The Future of Housing Is Here and It Will Be 3D Printed—on Earth and Mars

Why stop at housing Earth's homeless when you could also build on Mars?

A home built by ICON. ICON

Every year, one under-the-radar company debuts at South by Southwest—the annual tech and music festival in Austin, Texas—that skyrockets to fame. In 2018, while everyone was betting on talks by Elon Musk and panels pitting Facebook (META) leaders alongside media experts, an eight-month-old company with no outside investors captured every attendee’s attention.

ICON, the company that can 3D print a house for under $4,000, went viral.

When it’s powered off, ICON’s 3D printer looks like a large piece of scaffolding, a big metal frame with nothing inside it. But then, an engineer inputs a building’s blueprint into the printer using a computer. The printer comes alive, and the big metal frame moves and pours concrete in the shape of a home, one layer at a time.

Over the course of roughly 12 hours, a complete concrete structure is built.

As many have pointed out, ICON has the potential to completely disrupt the construction industry. In the U.S. housing market, for example, the construction required to build a home accounts for roughly 61.8 percent of the house’s selling price. Watching ICON’s 3D printer “draw” a house’s concrete skeleton, it’s impossible not to think about all the labor—and therefore cost—that this technology would remove from the equation.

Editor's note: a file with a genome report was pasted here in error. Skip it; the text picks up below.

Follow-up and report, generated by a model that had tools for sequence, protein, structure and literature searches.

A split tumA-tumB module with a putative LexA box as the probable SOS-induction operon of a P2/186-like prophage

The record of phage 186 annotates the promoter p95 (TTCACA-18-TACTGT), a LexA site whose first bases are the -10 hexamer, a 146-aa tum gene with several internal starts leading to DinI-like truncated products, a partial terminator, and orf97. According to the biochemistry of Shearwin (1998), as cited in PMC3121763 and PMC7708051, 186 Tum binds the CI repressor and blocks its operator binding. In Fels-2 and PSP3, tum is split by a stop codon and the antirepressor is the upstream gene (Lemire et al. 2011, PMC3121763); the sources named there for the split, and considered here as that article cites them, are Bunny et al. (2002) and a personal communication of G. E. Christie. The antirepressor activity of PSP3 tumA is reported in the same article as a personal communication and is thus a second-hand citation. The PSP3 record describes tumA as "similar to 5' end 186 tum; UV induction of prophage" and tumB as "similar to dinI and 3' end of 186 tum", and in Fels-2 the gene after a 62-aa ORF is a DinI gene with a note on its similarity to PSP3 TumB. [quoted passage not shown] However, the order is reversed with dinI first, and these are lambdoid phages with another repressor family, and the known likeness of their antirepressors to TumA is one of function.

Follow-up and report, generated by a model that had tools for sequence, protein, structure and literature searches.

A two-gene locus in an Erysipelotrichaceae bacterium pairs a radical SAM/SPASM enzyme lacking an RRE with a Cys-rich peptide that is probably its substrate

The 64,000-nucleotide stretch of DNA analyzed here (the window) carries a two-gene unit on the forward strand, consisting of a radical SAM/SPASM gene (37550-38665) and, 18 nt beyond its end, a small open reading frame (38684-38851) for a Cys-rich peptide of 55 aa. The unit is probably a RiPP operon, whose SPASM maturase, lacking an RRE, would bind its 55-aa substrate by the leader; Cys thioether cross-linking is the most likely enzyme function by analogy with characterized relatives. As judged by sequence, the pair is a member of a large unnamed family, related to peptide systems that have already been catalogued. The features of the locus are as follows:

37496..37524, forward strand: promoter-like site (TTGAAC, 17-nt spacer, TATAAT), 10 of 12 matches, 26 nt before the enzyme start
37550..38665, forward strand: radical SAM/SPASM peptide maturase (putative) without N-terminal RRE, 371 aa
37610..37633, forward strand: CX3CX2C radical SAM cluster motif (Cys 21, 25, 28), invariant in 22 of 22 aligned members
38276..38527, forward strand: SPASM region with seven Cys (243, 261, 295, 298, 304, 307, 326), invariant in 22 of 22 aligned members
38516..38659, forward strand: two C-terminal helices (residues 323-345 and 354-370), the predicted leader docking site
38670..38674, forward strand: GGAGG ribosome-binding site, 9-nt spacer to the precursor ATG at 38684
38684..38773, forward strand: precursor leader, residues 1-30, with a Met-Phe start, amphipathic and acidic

An ICON printer pouring concrete, one layer at a time. ICON

But ICON co-founder Evan Loomis rarely, if ever, mentions his ambitions to compete with homebuilders. Instead, he talks about two things:

  1. The epidemic of homelessness across the globe, and how much suffering results from it.
  2. The imminent need to build habitats in places normal human construction can’t occur—like space.

There are roughly 1.6 billion people on our planet who lack adequate shelter, meaning they are either homeless or live in shelters—like disaster tents or abandoned buildings—that do not qualify as homes.